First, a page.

# How do you multiply e^(( 5 pi )/ 3 i) * e^( 3 pi/2 i )  in trigonometric form?

Mar 31, 2018

${e}^{i \frac{7 \pi}{6}}$

#### Explanation:

By Euler's formula:
${e}^{i x} = \cos x + i \sin x$

Hence, the above becomes a FOIL problem:

${e}^{i \frac{5 \pi}{3}} \cdot {e}^{i \frac{3 \pi}{2}}$
$= \left(\cos \left(\frac{5 \pi}{3}\right) + i \sin \left(\frac{5 \pi}{3}\right)\right) \left(\cos \left(\frac{3 \pi}{2}\right) + i \sin \left(\frac{3 \pi}{2}\right)\right)$
$= \cos \left(\frac{5 \pi}{3}\right) \cos \left(\frac{3 \pi}{2}\right) + i \cos \left(\frac{5 \pi}{3}\right) \sin \left(\frac{3 \pi}{2}\right) + i \sin \left(\frac{5 \pi}{3}\right) \cos \left(\frac{3 \pi}{2}\right) - \sin \left(\frac{5 \pi}{3}\right) \sin \left(\frac{3 \pi}{2}\right)$

Let's plug in the values, which we know from the unit circle:
$= \frac{1}{2} \cdot 0 + i \frac{1}{2} \cdot - 1 + i \cdot - \frac{\sqrt{3}}{2} \cdot 0 - \left(- 1\right) \cdot \left(- \frac{\sqrt{3}}{2}\right)$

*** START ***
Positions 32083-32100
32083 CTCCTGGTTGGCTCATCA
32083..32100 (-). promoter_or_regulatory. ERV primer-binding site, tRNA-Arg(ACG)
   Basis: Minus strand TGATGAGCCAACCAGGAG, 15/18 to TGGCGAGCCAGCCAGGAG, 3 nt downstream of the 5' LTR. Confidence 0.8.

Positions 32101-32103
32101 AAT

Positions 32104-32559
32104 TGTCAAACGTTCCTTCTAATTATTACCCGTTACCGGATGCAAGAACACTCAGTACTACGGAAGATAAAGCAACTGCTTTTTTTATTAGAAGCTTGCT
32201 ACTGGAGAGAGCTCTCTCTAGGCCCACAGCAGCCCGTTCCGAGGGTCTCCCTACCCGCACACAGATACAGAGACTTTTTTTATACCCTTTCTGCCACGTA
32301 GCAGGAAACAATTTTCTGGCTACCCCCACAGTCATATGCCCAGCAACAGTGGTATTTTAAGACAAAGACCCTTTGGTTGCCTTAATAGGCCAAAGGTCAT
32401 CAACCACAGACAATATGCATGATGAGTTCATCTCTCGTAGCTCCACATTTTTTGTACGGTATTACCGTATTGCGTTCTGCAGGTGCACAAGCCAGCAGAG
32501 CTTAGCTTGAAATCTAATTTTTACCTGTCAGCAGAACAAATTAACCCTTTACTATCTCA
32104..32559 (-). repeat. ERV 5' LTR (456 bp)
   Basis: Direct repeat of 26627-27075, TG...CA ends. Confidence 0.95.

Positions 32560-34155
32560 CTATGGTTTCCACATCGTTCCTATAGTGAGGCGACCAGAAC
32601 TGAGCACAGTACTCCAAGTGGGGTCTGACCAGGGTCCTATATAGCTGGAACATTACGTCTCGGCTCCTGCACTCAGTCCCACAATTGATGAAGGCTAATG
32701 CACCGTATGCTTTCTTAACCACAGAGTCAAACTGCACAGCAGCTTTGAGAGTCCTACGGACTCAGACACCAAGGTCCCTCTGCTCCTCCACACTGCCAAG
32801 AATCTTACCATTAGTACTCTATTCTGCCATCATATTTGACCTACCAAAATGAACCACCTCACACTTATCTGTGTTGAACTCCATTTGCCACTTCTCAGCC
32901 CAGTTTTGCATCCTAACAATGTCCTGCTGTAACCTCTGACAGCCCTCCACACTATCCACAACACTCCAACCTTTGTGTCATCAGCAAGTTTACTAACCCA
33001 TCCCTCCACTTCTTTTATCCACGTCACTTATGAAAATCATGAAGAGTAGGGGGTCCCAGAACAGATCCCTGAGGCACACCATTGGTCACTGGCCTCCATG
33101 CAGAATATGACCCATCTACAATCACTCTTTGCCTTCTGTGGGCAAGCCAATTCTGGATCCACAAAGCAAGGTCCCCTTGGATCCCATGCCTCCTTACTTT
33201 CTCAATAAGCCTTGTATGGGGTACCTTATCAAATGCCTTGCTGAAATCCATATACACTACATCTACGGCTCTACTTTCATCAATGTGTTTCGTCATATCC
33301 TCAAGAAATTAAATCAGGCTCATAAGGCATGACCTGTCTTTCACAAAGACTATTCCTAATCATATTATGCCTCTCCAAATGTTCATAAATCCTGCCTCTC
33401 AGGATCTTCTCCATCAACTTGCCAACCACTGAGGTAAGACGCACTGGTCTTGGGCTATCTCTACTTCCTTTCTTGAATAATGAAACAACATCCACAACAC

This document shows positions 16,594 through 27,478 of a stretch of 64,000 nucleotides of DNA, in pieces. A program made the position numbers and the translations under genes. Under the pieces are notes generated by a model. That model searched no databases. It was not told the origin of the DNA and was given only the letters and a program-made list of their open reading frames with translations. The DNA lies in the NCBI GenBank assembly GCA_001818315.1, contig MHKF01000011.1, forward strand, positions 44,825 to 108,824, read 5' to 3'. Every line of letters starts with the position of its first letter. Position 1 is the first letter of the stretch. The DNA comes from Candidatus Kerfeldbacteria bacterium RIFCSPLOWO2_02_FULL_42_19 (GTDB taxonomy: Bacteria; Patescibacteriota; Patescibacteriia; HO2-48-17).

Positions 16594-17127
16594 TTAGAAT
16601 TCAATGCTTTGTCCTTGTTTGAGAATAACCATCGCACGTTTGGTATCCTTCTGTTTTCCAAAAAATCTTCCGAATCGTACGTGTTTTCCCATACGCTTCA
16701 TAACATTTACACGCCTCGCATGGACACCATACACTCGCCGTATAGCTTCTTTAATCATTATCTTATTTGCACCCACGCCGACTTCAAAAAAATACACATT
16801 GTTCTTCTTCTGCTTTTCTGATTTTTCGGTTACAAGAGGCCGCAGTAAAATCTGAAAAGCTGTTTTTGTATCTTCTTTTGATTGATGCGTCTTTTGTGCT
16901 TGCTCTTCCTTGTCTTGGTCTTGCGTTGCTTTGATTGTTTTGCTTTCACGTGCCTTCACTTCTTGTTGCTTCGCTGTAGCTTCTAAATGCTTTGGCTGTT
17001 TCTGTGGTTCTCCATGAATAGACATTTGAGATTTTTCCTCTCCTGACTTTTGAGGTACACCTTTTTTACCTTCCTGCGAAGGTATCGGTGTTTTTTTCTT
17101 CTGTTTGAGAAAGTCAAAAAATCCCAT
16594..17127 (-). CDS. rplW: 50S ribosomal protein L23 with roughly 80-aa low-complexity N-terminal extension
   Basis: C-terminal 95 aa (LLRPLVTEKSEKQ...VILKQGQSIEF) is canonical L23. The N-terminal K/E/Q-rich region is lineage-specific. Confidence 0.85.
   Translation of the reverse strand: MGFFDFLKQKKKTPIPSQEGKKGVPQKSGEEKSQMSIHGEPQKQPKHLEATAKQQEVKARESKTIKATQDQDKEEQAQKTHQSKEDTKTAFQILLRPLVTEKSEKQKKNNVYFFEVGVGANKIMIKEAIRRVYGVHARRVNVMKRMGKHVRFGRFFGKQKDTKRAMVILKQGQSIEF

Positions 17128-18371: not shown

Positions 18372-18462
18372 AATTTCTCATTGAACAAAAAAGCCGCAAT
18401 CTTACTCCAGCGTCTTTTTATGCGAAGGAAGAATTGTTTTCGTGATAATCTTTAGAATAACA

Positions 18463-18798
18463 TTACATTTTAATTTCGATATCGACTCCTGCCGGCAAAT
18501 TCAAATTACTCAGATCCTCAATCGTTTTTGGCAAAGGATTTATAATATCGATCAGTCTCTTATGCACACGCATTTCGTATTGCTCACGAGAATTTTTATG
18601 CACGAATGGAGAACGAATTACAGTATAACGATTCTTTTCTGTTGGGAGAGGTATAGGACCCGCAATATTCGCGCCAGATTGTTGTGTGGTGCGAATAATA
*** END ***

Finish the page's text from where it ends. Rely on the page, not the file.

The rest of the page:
$= - \frac{1}{2} i - \frac{\sqrt{3}}{2}$
Which is clearly on the unit circle! With a little thinking, we realize this is at $\theta = \frac{7 \pi}{6}$.

We can now realize that since this is an exponential, we could have used an exponential rule that we know:
${e}^{a} \cdot {e}^{b} = {e}^{a + b}$
${e}^{i \frac{5 \pi}{3}} \cdot {e}^{i \frac{3 \pi}{2}} = {e}^{i \frac{5 \pi}{3} + i \frac{3 \pi}{2}} = \exp \left(i \left[\frac{5 \pi}{3} + \frac{3 \pi}{2}\right]\right) = \exp \left(i \frac{19 \pi}{6}\right)$
Subtracting off a full rotation ($2 \pi$) from the argument leaves us with
$= {e}^{i \left(19 - 12\right) \frac{\pi}{6}} = {e}^{i \frac{7 \pi}{6}}$
as we found trigonometrically.